"Former New Orleans police Officer David Warren had claimed not to know if he hit anybody when he fired a shot with an assault rifle four days after Hurricane Katrina made landfall," the New Orleans Times-Picayune editorialized on Monday."Given Mr. Warren's award-winning marksmanship, his claim was never believable," it continued. "Friday federal prosecutors accused the former officer of needlessly killing Henry Glover.
"In announcing the indictments against Mr. Warren Friday, U.S. Attorney Jim Letten also announced indictments against two officers accused of setting Mr. Glover's body on fire and two other officers accused of obstructing the investigation into Mr. Glover's death. One can't read the indictments without feeling outrage over what was done to Mr. Glover."
As the New York Times noted, "The circumstances surrounding Mr. Glover's death were first reported in late 2008 in an article that was a collaboration by the Investigative Fund at the Nation Institute and the nonprofit investigative news service Pro Publica."
But on Friday, the key member of that collaboration, A.C. Thompson, wrote that the whole story has still not been told.
"When I began investigating the mysterious death of Henry Glover, one of the most notable aspects of the case was the lack of documents," Thompson wrote.
"Here was a New Orleans resident found incinerated in a car just a few hundred feet from a police station in September 2005, shortly after Hurricane Katrina. Yet there was no sign that anyone in authority had ever conducted any sort of investigation. The New Orleans Police Department told me in 2008 that they knew absolutely nothing about Glover's demise.
"Today's indictment suggests that was not true. The 11-count indictment accuses police officers of shooting Glover and torching his corpse, physically attacking his brother and another man, and then attempting to conceal it all.
"What's most striking about the charging documents is what they do not address: the extraordinary number of officers in the department who were likely aware of these events as they unfolded. … Numerous — possibly dozens — of other officers were likely present at the site of the alleged beatings."
The indictments are not the only legal action. "Charlene Green, the mother of Glover's child, filed a wrongful death suit this week on behalf of her teenaged son, Henry Glover Jr.," columnist Jarvis deBerry wrote Friday in the Times-Picayune. "The suit follows reporting done by The Times-Picayune and ProPublica, a non-profit newsroom that worked with this newspaper in an investigation of police shootings after Katrina."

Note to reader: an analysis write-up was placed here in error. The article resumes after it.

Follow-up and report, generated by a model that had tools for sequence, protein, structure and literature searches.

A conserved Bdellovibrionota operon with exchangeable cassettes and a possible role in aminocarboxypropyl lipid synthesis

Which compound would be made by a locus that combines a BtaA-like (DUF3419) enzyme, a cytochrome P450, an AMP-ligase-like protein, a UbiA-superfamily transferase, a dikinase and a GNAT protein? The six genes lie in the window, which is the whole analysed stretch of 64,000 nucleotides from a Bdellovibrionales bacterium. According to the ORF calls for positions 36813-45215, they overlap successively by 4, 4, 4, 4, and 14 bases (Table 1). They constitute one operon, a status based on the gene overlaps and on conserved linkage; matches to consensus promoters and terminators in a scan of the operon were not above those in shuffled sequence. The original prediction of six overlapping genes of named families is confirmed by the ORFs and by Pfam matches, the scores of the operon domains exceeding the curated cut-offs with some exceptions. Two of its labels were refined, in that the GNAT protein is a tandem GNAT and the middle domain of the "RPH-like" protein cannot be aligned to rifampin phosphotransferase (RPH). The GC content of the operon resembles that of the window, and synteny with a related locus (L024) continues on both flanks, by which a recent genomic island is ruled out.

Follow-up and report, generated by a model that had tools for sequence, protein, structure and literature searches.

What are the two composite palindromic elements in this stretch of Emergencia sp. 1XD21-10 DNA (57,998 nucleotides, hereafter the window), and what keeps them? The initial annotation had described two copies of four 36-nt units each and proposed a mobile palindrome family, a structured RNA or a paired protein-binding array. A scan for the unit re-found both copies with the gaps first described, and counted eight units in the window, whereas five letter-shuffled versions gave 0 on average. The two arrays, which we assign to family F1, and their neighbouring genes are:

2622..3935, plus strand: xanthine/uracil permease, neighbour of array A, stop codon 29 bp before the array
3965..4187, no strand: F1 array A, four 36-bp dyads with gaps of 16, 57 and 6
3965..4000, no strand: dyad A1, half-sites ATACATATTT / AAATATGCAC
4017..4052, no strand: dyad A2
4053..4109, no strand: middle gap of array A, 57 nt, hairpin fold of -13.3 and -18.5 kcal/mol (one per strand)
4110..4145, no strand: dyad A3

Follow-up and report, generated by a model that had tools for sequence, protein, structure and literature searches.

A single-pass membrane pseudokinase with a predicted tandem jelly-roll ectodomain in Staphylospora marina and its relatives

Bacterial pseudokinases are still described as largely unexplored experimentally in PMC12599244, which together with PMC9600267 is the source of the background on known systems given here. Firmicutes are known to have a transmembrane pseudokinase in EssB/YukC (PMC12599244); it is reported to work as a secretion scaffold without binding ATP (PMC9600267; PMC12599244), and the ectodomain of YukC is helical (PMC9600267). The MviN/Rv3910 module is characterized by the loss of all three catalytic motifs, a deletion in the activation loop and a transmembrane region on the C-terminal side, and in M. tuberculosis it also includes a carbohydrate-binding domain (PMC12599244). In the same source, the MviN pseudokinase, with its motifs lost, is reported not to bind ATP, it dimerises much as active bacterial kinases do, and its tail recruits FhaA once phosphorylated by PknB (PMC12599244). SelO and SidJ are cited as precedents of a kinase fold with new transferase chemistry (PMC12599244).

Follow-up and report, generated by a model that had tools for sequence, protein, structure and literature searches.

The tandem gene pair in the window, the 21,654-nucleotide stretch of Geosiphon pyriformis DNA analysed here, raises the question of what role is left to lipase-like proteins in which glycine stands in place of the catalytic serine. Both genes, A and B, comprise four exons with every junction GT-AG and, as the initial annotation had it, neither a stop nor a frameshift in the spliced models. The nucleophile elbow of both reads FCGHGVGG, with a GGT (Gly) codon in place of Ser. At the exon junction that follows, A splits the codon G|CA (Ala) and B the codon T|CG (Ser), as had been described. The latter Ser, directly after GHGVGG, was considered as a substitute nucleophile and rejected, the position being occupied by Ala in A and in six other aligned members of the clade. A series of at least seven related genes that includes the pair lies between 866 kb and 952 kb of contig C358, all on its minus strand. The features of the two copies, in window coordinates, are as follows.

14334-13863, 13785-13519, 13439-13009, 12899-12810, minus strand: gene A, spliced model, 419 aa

And as the New York Times said, "The case is one of at least eight investigations into actions of the New Orleans Police Department being conducted by the federal government.
"Most of the investigations concern events in the chaotic days after the storm. The best known, concerning the shootings of civilians on the Danziger Bridge that left two dead and four wounded, resulted in five guilty pleas from current or former police officers.
"Last month, the Department of Justice announced that it would conduct a full-scale investigation into the patterns and practices of the police force, a step that usually results in a legally binding blueprint for wholesale reform.
"In a sign of just how grim the view of the police force is in New Orleans, the mayor himself formally solicited such a review, citing a need for 'systemic and transformational change.'"
Andrew Langston, 83, Founded Rochester's WDKX
"Andrew A. Langston founded Rochester's only African-American-owned radio station in Rochester in 1974. And from small beginnings, WDKX-FM (103.9) has become a power in the community for discussion and entertainment from a growing audience. Mr. Langston, who was chief executive officer of the station, died Thursday, according to station officials. He was 83," Jeffrey Blackwell wrote Saturday in the Democrat and Chronicle in Rochester, N.Y.
"Shiera Coleman, vice president of broadcast for the Rochester Association of Black Journalists, worked for Langston as an intern and later on-air with the station's morning show.
" 'I had a lot of respect for him - to be able to create this business from the ground up and have it succeed for all these years when a lot of people didn't think that it would succeed,' she said.
"'He overcame all the obstacles, and you know he was just a great man.'"
"WDKX-FM (103.9) went on the air on April 6, 1974, with the initials of Frederick Douglass, the Rev. Martin Luther King Jr. and Malcolm X - African-American leaders revered by Mr. Langston. And in the tradition of his heroes, the station has become a voice for the community and for young people."
The National Association of Black-Owned Broadcasters gave Langston its "Pioneer in Broadcasting" award in 1990. Just as his peers did, he complained that ratings services did not count his audience properly and that white advertisers figured they could reach his listeners by buying time on white-owned stations that also played some black music. He told this writer then that WDKX was losing $2 million a year on such audience misreadings.
Rochester Mayor Robert Duffy said, "During times when radio stations were being bought by major corporations, Mr. Langston held on to WDKX, which is now one of the few independently owned radio stations in the country."
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